Both main Opposition parties have referred to new sunrise businesses; such as, high-tech companies. For all sorts of reasons, many of those companies are unable to offer share options at an early stage of their existence. Instead, they offer profit-related pay. Similarly, such companies as the John Lewis partnership--which employs 45,000 people--have a bona fide profit-related pay scheme. Before the election, the Prime Minister, having visited the John Lewis store in Oxford street, described John Lewis as an example of a stakeholding company. I simply want to ask the Minister this--

Mr. Deputy Speaker: Order. I am sure that the hon. Gentleman will accept some guidance. It is not a question of the selection of amendments; we are talking about clause 56, to which the amendment relates. The clause clearly deals with provisions for share options.

Mr. Fabricant: Thank you, Mr. Deputy Speaker.

I conclude by saying that I hope that, in future Finance Bills, the Government will decide to honour their promise, made before the election, to extend the provisions of clause 56 not only to share options, but to bona fide profit-related schemes, such as that operated by the John Lewis partnership and many sunrise companies.

Mr. Edward Davey: Is the hon. Gentleman aware that the previous Conservative Government did not propose tax advantages for share options that might apply to people working for John Lewis and, indeed, took away tax relief on profit-related pay?

Mr. Fabricant: I am aware of that. I am aware also that the present Secretary of State for Health said that this would be restored within the first year of a Labour Government. That was yet another Labour lie made before the last general election.

Mr. Timms: The hon. Member for Croydon, South (Mr. Ottaway) was misinformed about a number of his points. He asked whether we had fixed the technical problem. The answer is yes; we have entirely resolved the technical difficulty.

19 Jul 2000 : Column 410

The hon. Gentleman was mistaken about other matters as well. There is a new spirit of enterprise abroad across the UK, fostered precisely by the measures that the Government are taking. Helpfully, he listed a number of them, to which I would add a number of other changes that we have made, such as the cut in capital gains tax. The hon. Member for Kingston and Surbiton (Mr. Davey), who is well informed on this matter, will know that the 10 per cent. rate of capital gains tax after four years is significantly less than the comparable rate in the US. On that front, we have made good progress--which the hon. Gentleman will welcome--in terms of competition in attracting investment relative to the United States.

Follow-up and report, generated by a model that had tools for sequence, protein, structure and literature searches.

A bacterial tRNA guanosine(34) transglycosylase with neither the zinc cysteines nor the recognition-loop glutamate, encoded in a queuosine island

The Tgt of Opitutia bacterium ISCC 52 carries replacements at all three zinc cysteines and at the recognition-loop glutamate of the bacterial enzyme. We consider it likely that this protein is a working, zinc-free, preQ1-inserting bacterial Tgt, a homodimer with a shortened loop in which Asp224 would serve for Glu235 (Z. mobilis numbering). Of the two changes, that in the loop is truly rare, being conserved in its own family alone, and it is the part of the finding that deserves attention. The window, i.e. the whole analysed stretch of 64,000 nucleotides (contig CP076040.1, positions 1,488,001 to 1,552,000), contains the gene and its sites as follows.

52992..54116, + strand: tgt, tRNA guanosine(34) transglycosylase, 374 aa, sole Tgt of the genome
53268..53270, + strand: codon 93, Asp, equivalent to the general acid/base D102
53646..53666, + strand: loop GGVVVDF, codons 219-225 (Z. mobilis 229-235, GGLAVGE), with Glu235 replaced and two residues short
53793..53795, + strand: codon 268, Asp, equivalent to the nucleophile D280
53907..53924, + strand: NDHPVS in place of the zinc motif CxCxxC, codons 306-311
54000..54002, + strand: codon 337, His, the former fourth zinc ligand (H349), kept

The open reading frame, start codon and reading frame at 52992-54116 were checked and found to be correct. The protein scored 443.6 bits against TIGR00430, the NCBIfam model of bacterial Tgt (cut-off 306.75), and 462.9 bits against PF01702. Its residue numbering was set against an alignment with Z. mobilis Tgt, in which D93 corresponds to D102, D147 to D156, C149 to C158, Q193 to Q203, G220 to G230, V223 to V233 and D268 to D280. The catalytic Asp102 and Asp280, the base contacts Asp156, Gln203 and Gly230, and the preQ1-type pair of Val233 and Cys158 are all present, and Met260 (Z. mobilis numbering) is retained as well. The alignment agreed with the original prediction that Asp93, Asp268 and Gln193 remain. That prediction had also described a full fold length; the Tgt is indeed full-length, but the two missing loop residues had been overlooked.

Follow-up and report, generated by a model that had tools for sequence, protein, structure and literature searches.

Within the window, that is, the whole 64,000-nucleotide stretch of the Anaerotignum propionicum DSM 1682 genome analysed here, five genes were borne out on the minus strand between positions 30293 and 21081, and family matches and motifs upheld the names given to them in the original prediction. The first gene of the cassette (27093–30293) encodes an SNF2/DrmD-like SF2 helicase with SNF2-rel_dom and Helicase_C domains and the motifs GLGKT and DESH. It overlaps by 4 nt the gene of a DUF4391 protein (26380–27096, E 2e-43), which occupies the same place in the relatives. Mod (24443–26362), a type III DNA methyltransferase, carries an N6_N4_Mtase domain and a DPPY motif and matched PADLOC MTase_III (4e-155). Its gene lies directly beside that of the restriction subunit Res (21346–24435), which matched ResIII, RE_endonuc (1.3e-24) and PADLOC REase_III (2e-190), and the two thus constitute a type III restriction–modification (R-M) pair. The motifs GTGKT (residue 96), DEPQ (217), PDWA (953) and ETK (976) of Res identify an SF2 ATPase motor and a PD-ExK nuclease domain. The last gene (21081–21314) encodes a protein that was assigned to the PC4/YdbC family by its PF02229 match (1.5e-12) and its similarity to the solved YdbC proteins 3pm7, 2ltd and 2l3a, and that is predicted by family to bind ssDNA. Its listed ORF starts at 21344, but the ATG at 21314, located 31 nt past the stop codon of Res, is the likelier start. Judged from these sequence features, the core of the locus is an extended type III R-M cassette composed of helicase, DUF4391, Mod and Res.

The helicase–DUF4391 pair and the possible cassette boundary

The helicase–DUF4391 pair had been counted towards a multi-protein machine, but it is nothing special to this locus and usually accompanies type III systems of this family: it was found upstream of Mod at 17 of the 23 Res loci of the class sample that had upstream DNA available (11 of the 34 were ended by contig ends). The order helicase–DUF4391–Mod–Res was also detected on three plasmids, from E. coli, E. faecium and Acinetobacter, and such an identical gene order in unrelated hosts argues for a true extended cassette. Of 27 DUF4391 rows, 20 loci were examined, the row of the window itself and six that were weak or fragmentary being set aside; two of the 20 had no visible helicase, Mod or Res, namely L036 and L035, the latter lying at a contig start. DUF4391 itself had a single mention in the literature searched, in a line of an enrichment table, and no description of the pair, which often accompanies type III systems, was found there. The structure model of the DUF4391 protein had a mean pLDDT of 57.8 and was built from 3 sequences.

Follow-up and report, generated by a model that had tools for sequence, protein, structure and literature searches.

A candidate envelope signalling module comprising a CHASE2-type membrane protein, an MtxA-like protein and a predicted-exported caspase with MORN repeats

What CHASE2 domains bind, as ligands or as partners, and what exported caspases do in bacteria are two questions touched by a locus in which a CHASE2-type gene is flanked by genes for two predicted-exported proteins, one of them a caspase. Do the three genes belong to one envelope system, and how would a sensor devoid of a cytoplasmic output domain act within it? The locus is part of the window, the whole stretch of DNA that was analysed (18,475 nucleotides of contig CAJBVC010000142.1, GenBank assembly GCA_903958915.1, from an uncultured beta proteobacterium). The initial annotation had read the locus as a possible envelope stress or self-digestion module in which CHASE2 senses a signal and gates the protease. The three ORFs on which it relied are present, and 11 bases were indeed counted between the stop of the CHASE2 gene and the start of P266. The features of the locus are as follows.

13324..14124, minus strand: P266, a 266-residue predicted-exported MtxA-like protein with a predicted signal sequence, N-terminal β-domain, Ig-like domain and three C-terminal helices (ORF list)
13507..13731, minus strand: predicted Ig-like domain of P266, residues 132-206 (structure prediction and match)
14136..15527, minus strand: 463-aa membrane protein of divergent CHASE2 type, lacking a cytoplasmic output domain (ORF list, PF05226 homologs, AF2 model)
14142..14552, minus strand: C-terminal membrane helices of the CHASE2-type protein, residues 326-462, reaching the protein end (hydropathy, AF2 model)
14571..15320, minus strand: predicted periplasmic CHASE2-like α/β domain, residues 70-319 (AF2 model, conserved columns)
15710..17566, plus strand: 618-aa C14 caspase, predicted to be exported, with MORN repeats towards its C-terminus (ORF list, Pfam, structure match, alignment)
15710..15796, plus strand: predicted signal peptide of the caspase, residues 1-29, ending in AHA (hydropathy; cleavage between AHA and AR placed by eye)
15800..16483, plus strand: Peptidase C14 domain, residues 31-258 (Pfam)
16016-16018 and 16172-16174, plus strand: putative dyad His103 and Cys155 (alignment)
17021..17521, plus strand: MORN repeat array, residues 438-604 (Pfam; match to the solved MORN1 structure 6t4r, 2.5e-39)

Mr. John Burnett (Torridge and West Devon): Does the Minister regret that the Finance Act 1998 took away the complete exemption for the first £250,000 chargeable gains on retirement?

Mr. Timms: On retirement! We are now on rather different territory. The answer is no.

Let me draw attention to our reductions in corporation tax rates. We have cut both the main and the small business rates, and have introduced a 10p rate. We now have the lowest-ever small business corporation tax rates, and the lowest in the industrialised world. Since 1997, small companies have received an average corporation tax cut of nearly 25 per cent. That is why there are now 100,000 more small companies than there were at the time of the general election.

Those developments were created by the new spirit of enterprise fostered by all the Government's measures. That is why we are making such excellent progress, and that is why there are 1 million more new jobs than there were at the time of the election.

Mr. Fabricant: The Minister has told us how many new companies had been founded since the election, and the figure was impressive. Will he now tell us how many small companies have gone into receivership since the election?

Mr. Timms: There has been a net increase of 100,000 in the number of small enterprises. That is my point: there are significantly more, in total, than there were at the time of the election.

As we have heard, clause 56 gives relief to the employee in respect of the cost of bearing the secondary national insurance liability, either through an agreement allowing the employer to recover the contributions or by means of an election whereby the liability is transferred. The clause allows a deduction from the amount of the share-option gain that will be chargeable to income tax. In effect, it moves to the employee the corporation tax relief that would have been due to the company if it had borne the cost.

As the hon. Member for Kingston and Surbiton pointed out, that means that the total tax and national insurance charge will be, at the most, 47.32 per cent. As the hon. Member for Croydon, South said, 47.32 per cent. is very similar to the rate that would be paid by a United States employee exercising an option when the uncapped US Medicare contributions and state income taxes are included. It is also a lower top rate of tax than that

19 Jul 2000 : Column 411

applying in many other European countries. France, Germany, the Netherlands, Spain and Sweden all have higher top income tax rates.

Next Section

IndexHome Page